Father and Son Volume 1 Review

Father and Son:

Volume 1

Reviewed by: Linny

One of these things is not like the others.

Synopsis: You-san is a former delinquent turned single father and world history high school teacher. Thanks to his wife’s extreme ability to get lost for long periods of time, he raises his young and wild son, Shou on his own, Though this is a slice of life comedy, the situations that father and son get themselves into often defy common sense and logic.  

Review (Warning: Spoilers to Follow):

Lovers of slice of life comedies that feature a young child and father combination may have a new reason to rejoice thanks to Father and Son. Father and Son is a gag manga that has punchline and jokes smattered throughout each page, often featuring four panel sketches at the end of a chapter. For those who are familiar and fond of the genre and comedy style, there isn’t much one can say about the series that you wouldn’t have already guessed from reading its synopsis and glancing at the panels featured in this series.

Sounds like she needs a GPS chip implanted on her for her own safety.

Father and Son is definitely more comedy than tender though, with its main and only focus being to milk out as many jokes as possible from every situation, often going into the realm of ridiculous for the sake of comedy. Despite featuring a father and son, there are very few touching and sweet moments, if any throughout the first volume. The series, atleast in the first volume, is a lot more interested in exposing just how ridiculous their lives are. For example, Shou’s missing mother is missing because she apparently gets so lost, she often ends up in another country even when she was only on her way to the supermarket to buy groceries. In fact, her initial disappearance is blamed on the fact that she went to pick up Shou from daycare but never made it there, instead vanishing completely. As you can surmise, if you prefer your comedy with logic, it’s hard to swallow a often repeated joke about a woman that somehow manages to disappear for months and maybe even years at a time in this age of technology. The comedy in the series often defies logic so if you dislike absurd humour, you should pass on this series.

Fate don’t discriminate based on age.

Moving back to our main cast, Shou is your typical troublesome but adorable rascal…think along the lines of Dennis the Menace if you’re old enough to remember that series. He’s definitely a lot more rambunctious and destructive when compared to say other well known kids in anime and manga like Naru from Barakamon. He can be surprisingly and amusingly odd and mature in some case, spouting lines you wouldn’t expect from a child or delightfully misinterpreting things in the way only a young child can. His naivety and enthusiasm for life and fun make him charming even though most readers will be happy or hoping that they do not end up with a kid like him.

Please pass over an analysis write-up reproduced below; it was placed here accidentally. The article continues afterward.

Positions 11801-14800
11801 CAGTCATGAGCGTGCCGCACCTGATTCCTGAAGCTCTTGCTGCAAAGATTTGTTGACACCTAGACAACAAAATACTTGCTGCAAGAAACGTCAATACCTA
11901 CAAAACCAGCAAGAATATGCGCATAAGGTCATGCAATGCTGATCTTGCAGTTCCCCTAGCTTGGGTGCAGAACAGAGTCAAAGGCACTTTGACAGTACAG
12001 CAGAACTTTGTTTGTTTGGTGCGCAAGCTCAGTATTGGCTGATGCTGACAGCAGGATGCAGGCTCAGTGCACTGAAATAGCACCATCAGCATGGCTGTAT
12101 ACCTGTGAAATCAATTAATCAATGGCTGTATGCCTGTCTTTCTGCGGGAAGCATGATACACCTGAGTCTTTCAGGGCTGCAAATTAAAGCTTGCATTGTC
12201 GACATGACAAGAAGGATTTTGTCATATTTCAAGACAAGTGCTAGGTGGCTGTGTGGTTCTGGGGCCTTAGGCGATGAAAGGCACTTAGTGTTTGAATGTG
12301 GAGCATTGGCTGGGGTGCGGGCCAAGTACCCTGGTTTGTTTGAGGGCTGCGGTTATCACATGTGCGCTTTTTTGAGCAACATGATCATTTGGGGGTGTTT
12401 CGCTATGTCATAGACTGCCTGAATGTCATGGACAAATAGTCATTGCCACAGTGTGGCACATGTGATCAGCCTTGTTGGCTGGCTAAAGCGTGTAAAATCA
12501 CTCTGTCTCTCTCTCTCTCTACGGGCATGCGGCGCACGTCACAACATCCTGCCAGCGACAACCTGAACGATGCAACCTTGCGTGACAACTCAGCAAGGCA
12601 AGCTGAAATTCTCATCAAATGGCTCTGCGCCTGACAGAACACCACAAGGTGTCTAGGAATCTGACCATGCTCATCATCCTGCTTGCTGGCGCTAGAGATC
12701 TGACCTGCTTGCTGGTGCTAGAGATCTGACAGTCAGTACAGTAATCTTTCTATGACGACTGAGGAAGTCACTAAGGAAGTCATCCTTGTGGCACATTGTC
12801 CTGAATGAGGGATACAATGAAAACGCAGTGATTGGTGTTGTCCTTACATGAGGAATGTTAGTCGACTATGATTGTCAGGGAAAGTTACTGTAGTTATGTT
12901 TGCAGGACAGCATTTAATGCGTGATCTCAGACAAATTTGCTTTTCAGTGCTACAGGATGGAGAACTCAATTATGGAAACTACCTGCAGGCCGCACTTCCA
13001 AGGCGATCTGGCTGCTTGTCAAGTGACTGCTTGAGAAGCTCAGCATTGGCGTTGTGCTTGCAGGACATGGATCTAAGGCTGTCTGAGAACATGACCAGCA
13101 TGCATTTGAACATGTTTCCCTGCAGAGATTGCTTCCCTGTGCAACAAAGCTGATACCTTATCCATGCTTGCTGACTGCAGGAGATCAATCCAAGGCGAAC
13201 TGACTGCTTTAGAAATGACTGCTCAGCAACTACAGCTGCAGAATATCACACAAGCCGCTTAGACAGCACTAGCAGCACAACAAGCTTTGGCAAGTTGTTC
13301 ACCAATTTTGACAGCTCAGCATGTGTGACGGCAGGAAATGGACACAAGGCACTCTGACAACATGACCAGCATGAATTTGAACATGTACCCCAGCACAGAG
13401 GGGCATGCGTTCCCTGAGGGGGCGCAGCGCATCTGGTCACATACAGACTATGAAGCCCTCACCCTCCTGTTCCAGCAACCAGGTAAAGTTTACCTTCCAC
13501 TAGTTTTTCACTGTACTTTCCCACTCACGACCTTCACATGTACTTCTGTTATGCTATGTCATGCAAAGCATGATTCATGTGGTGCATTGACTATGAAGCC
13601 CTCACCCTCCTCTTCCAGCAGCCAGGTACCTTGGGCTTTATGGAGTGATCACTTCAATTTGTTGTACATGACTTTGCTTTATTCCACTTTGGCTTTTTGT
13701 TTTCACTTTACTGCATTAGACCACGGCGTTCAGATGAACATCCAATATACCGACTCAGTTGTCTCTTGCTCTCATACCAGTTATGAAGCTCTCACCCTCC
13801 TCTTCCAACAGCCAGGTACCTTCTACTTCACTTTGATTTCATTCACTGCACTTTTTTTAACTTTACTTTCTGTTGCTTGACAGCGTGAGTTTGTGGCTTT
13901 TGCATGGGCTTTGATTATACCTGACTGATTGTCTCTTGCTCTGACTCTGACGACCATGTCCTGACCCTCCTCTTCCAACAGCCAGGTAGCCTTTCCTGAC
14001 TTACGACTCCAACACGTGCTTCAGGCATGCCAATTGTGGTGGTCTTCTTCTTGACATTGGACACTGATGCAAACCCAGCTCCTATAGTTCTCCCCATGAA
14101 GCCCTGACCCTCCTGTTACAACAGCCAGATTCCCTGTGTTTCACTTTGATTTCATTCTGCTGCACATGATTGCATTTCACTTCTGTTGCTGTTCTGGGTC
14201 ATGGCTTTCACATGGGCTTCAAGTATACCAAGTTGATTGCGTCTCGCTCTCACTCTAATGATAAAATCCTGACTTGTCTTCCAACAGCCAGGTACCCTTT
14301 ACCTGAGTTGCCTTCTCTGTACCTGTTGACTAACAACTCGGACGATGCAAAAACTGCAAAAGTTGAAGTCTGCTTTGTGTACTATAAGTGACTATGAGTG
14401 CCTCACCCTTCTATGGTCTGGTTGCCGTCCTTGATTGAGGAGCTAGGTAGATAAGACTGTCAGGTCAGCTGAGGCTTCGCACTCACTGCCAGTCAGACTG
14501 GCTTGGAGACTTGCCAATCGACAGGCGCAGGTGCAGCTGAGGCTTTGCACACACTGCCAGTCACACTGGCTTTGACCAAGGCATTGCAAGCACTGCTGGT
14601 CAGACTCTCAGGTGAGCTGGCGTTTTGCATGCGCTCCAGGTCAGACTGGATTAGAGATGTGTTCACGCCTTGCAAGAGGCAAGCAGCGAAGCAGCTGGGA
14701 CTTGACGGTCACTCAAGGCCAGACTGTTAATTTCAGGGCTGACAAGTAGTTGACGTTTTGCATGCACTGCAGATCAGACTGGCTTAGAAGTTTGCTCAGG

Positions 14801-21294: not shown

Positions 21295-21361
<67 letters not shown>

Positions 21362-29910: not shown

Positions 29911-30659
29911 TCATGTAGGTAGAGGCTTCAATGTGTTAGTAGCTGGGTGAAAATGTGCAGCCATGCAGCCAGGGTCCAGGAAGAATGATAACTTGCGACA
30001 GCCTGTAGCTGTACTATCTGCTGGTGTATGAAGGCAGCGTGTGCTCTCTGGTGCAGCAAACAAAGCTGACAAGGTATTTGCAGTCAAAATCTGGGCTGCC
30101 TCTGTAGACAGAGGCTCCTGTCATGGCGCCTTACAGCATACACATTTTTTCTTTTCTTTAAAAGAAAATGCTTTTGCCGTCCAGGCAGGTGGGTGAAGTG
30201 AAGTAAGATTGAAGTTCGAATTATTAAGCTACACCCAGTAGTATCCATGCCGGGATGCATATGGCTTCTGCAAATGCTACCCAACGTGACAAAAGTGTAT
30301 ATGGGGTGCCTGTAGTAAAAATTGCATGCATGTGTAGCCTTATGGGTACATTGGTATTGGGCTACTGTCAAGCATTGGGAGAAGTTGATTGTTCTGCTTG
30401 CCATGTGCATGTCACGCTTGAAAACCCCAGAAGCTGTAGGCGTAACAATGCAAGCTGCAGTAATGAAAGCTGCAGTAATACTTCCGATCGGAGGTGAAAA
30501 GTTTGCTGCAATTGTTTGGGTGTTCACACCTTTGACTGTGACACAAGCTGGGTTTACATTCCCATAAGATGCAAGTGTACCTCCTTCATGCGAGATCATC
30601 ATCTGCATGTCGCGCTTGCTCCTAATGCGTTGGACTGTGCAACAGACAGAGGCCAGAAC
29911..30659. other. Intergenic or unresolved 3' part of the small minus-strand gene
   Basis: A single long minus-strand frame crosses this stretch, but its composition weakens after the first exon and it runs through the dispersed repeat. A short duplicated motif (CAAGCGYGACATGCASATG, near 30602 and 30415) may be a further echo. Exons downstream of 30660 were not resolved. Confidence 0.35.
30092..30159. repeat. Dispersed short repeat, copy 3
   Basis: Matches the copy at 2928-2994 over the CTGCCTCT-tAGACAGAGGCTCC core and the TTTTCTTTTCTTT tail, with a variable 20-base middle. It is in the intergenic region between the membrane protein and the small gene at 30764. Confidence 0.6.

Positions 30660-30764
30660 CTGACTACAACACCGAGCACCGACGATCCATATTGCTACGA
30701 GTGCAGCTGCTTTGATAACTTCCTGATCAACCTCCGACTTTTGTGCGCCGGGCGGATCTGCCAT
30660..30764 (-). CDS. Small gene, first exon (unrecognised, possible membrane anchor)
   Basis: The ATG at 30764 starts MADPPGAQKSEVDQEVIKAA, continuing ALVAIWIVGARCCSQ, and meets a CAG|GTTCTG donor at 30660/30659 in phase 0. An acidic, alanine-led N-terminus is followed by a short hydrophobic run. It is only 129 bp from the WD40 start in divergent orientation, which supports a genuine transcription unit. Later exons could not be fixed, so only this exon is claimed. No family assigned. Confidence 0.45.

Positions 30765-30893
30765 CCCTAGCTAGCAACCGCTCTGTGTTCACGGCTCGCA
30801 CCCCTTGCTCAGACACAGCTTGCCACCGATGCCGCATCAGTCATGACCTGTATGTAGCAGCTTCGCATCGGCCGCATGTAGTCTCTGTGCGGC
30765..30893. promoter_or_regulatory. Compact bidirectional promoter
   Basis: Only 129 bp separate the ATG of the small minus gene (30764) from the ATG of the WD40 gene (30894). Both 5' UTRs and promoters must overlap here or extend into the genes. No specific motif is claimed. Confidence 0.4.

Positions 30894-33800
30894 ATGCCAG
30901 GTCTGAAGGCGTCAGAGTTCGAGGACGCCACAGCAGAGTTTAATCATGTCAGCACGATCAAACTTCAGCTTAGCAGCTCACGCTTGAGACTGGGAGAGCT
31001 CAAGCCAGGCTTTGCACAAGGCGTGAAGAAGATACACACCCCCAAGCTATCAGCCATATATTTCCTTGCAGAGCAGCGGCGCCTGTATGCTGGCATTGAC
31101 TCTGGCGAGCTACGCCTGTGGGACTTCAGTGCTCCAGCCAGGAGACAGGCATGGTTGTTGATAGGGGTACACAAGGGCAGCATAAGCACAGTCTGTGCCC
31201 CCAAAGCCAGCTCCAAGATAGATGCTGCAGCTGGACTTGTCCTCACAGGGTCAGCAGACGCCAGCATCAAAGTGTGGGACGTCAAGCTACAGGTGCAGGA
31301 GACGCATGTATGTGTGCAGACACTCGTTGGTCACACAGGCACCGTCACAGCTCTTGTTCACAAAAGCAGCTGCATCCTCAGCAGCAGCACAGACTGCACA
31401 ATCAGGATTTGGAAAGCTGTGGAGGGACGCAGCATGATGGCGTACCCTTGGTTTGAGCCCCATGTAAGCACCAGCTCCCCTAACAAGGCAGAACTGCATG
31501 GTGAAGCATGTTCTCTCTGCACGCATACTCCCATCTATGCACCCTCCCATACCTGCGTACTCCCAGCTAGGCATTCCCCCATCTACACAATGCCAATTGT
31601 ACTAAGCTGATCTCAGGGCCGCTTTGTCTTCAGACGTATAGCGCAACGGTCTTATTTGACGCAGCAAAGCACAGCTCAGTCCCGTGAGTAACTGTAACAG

It may not be the best plan but it is A plan.

On the other hand, You-san may initially come off as a mild mannered and caring father, but he quickly reveals his own delinquent past and manner that he has managed to subdue in his adult years but is clearly still lurking within him. This fact is often used for comedy as well and for those initially worried about this poor father stuck raising a kid who’s a handful, it lets you know that You-san can definitely hold his own.

Father and Son features a wide cast of supporting characters and most of them do manage to leave a mark for their quirky or familiar personalities such as the daycare instructor who’s often bemoaning her single status or ending up in awkward situations thanks to Shou or the weird neighbour that Shou ends up befriending, or even You’s friend from highschool who now owns and runs a bakery and is clearly infatuated with him to this day. You may not remember their names but you will definitely remember their characters.

Don’t knock the poor kid for trying to make the best out of a bad situation.

Father and Son is definitely an amusing read for anyone fond of the type of comedy it provides. If you found yourself chuckling or smiling at the featured panels in this review, I would advise you to read the manga which just happens to be a simulpub on Crunchyroll, thus helping you get access to the most recent and officially translated chapters ASAP. If you’ve read similar gag manga, you should already have an idea of what this one will read like. Unless you are sick of the somewhat common punchlines and absurd humour, Father and Son should be an amusing read even if it isn’t the best gag manga you have ever read. Even if you’ve never read gag manga before, if you enjoy cute and rambunctious fictional child characters, Father and Son should be a fun read. I would only say that you avoid this manga if you are tired of or do not enjoy the kid-father comedy trope or absurd gag manga in general. For those days when you just want to laze around, not have to think too hard and have a few giggles, Father and Son is definitely one of the best candidates from Crunchyroll’s current manga line up.

Father and Son is available digitally via Crunchyroll.com.

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